The St. Martinville NAACP hosted a candlelight vigil in memory of those lost in the Opelousas Massacre that occurred in 1868.
An event is known as one of the bloodiest during the Reconstruction Era, having killed between 150 to 300 African Americans who sought the right to vote in St. Landry Parish.
Wednesday, September 28, 2022, marks it's 154th Anniversary of the horrific incident where hundreds of African Americans and dozens of whites were murdered all over the parish.
The vigil event compiled a historical overview of the massacre, spoken word, song, prayer, and candlelight.
“It happened right here in St. Landry Parish during the Reconstruction Era. When African Americans wanted to participate in democracy and own their own business and schools,” St. Landry NAACP Vice President, Rod Sias said.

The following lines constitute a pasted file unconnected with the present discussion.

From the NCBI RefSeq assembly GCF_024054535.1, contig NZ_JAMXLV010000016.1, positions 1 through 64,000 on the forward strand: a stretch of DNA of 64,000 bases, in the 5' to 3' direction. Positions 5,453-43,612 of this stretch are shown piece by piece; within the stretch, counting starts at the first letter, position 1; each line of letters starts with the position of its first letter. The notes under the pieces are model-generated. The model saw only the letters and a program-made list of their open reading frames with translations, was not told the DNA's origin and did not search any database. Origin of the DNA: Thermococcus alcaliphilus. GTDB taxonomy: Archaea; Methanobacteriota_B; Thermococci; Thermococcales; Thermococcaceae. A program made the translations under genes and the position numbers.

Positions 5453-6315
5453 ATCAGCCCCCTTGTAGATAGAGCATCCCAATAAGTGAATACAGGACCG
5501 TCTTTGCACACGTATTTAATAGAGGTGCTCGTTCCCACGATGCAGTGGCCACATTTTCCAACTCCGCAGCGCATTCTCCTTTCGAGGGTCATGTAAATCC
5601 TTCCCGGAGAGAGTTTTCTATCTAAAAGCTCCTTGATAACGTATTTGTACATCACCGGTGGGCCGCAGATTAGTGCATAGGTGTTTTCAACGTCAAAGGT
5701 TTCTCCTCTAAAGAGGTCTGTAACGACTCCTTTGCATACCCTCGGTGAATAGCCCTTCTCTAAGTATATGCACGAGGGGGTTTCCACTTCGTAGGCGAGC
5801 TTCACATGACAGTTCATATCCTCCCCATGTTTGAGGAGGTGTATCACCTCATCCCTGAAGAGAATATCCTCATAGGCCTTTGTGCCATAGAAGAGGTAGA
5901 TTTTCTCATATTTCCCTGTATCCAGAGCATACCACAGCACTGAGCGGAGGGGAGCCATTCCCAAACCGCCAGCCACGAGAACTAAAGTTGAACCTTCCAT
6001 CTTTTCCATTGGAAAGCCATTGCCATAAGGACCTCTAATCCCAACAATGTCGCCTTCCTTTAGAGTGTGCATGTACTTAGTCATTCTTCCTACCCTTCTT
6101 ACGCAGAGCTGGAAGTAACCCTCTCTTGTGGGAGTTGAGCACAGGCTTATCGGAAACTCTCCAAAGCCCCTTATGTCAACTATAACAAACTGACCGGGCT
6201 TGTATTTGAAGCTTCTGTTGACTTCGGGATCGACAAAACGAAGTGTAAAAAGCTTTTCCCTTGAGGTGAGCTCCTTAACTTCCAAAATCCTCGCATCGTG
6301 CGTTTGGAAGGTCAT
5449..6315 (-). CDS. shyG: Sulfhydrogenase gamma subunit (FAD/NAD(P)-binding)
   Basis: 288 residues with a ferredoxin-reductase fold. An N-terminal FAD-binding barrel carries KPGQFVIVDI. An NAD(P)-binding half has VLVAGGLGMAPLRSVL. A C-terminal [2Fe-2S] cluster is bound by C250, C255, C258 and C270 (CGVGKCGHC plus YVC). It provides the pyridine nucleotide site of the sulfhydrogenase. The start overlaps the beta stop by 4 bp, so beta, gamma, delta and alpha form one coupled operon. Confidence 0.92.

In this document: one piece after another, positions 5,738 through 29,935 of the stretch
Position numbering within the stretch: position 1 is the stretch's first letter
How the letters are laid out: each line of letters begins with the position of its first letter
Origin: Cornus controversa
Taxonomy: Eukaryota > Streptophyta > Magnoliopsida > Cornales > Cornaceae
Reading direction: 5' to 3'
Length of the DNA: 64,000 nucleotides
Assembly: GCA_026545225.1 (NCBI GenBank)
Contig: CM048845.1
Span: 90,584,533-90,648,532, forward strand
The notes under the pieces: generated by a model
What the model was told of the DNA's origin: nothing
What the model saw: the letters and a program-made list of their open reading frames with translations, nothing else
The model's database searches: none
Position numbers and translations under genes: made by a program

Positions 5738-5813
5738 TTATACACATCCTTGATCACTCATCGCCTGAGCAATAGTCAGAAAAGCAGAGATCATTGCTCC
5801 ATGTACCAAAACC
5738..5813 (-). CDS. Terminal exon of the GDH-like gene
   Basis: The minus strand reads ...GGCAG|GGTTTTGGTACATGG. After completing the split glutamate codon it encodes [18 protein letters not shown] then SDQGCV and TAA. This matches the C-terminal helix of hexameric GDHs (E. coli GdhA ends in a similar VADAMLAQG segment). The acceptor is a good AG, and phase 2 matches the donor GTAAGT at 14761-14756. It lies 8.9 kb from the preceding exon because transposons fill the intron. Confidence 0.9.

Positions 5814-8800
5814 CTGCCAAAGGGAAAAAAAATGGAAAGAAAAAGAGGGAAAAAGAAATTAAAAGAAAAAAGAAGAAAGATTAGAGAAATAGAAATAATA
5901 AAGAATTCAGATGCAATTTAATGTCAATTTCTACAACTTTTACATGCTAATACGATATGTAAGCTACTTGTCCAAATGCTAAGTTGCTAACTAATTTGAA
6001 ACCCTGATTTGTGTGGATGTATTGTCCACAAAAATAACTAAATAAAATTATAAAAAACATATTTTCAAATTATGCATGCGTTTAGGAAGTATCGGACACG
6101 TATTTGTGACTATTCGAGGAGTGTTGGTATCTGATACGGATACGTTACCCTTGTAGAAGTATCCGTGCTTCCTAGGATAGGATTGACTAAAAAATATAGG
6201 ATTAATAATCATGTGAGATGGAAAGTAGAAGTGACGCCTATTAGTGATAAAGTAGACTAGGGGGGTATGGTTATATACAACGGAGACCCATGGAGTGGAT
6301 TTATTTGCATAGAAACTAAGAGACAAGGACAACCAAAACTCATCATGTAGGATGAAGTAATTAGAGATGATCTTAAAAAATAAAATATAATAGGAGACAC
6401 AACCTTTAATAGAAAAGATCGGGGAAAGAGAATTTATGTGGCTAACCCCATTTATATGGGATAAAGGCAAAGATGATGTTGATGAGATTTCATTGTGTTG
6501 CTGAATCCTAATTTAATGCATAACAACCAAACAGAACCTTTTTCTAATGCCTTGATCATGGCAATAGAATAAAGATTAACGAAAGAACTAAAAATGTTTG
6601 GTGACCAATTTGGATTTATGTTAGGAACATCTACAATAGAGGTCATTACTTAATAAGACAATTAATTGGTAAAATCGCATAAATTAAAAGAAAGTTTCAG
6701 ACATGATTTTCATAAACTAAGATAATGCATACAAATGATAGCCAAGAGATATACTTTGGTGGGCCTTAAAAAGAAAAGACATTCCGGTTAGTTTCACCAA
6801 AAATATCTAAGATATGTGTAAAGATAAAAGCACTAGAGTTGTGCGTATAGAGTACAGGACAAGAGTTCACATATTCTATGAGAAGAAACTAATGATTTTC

Sias says certain groups like the Klu Klux Klan, the white citizen council, and the former confederates target those in support of reversing voter suppression laws.
“It’s important that we remember this incident because it’s a part of St. Landry's history, and Louisiana, and American history. And you can separate Louisiana history from African American history,” Sias said.
The founder of the rural African American museum, Wilkins Jones, explains why educating the public about this event is so important.
“It shows where you came from and what struggles you had in the past so you prevent the mistakes you made 150 years ago and move forward,” Jones said.
One local of 11 years, Cameron Richard, expresses how he thinks the massacre should be remembered today.
"They probably didn't want education for the blacks because the more you know, that's the more you can fight in the legal system. But as long as none of that is happening now in 2022 I think we should keep moving forward and start educating ourselves,” Richard said.
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